High Gear: BCA Link radio system review
Special to the Daily
BCA Link radio, $149.99
Weight: 12 ounces
Mic size: 3.3 x 1 x 1.8 inches
Base unit size: 2.5 x 2 x 6 inches
Battery: Rechargeable lithum-ion
Battery life: Up to 4 days in extreme cold
Features: Pre-set channels, earphone jack and glove-friendly controls for easy handling in backcountry, including exterior volume, channel select, push-to-talk button and on/off switch. Also features mini-USB port on base unit for versatile charging.
For more or to purchase, see the BCA Link radio system online at www.backcountryaccess.com.
I’ve been using the BCA Link Radio, a backcountry radio system from BCA, for about two years and have to say they sure help “giterdun.” They are durable, easy to recharge, waterproof and stay powered for days, even in the cold. They also offer some cool features that you might not get in a typical handheld unit. When getting the job done calls for communicating with your team, having a reliable radio at your fingertips sure helps. It beats fumbling around for gear in your backpack or a jacket pocket.
Born in the field
The BCA system is made for the field and integrates pretty seamlessly with any pack. First, charge the unit with the USB charger (same size as a typical Android smartphone charger). This is great, in that you can charge it with your car’s 12-volt or a wall charger; I like to use my Goal Zero solar panel.
Once you’re ready to go, select one of five presets on the main unit. Begin by selecting the frequency and the privacy code. This option can be locked easily to prevent inadvertent switching while the unit is packed away. Then, feed the cord from the microphone hand unit through the hydration bladder slot in the shoulder strap of your pack and clip it to the strap. Finally, use the secure connector to marry the microphone to the main unit.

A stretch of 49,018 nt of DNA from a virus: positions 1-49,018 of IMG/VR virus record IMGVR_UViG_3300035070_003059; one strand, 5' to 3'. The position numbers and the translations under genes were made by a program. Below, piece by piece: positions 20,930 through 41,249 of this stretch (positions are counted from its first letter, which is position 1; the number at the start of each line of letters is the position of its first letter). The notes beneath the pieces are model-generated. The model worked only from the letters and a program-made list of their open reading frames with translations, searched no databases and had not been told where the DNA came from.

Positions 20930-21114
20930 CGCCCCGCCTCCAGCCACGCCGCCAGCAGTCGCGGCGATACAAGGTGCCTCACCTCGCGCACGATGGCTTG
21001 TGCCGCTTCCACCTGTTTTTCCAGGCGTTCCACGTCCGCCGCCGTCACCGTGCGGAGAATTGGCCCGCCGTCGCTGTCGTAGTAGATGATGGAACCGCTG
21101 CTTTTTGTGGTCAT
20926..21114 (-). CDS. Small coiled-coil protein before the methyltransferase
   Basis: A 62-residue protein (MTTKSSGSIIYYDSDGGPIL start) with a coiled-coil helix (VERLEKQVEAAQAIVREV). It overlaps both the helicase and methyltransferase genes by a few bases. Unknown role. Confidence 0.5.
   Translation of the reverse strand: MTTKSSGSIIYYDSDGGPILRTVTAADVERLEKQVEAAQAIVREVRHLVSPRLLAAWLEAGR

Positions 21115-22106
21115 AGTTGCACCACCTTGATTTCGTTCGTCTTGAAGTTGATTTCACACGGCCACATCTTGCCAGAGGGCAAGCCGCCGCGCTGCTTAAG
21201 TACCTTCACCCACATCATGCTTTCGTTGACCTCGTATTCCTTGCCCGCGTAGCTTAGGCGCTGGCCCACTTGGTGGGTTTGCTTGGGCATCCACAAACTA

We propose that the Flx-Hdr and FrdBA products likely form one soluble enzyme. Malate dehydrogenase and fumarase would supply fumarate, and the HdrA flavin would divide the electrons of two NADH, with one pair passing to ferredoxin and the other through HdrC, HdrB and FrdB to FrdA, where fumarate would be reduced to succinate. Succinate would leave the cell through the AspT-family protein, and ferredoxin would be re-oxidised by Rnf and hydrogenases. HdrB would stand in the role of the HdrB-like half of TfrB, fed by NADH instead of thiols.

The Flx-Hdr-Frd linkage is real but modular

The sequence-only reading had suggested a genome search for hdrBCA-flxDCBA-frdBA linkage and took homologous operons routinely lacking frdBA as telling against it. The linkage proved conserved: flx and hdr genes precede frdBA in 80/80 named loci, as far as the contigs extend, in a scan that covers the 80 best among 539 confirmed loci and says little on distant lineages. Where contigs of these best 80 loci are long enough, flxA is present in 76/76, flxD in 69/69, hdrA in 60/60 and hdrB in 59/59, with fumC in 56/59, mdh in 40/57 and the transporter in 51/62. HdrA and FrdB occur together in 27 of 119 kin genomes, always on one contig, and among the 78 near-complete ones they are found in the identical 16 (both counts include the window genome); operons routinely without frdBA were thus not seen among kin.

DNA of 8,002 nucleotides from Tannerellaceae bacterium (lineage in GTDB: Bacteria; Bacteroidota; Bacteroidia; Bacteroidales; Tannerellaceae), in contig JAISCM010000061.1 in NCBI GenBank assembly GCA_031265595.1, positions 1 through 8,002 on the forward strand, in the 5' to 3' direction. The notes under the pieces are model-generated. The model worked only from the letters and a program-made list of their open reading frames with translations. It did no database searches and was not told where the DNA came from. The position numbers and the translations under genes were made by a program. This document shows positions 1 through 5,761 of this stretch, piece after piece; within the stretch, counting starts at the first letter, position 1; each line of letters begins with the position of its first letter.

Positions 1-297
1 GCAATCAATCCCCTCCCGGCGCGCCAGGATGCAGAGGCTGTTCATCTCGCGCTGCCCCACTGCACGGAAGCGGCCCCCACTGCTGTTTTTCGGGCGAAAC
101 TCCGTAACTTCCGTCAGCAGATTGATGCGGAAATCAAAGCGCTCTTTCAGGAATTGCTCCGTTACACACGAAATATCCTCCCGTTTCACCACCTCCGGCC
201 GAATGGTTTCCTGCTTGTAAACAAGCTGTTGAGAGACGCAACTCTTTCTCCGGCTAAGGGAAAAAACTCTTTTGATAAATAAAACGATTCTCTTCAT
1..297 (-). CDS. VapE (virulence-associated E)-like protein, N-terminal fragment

The radio controls are oversized and made for operating in the cold: power and volume are both managed with a dial on the hand unit. You can also switch between your five presets by turning a dial on the hand unit. Talking is easy — just use the push-to-talk hand unit like a CB radio.
Quirks in the system
There are a couple quirks that are particular to using the BCA Link Radio, like a preset switch that sometimes gets changed inadvertently. I never use five presets, so to combat this I set the first two stations to one frequency and the other stations to another frequency. That way, if the switch gets jarred the frequency bumps to the same station.
The only other issue is the clasp on the back of the radio. It often comes unclipped from a shoulder strap, but this doesn’t happen when skiing. It takes rougher action, like bushwhacking, and clipping it on thinner fabric helps this.
With 20 frequencies and 20 privacy codes there are plenty of stations to pick. These are the same frequencies used by Motorola and others, like the Motorola Talkabout made for rafters and kayakers, so compatibility is great if members of your team have different radios. The BCA Link Radio system is a great tool for those of us who want to get the job done with the least amount of fuss.
Fritz Sperry is a skier, author, photographer and artist who has skied extensively in the Colorado backcountry. He’s the author of: “Makingturns in the Tenmile-Mosquito Range,” and “Makingturns in Colorado’s Front Range, Vol. 1,” both available online and at Next Page Books in Frisco or Wilderness Sports in Dillon.
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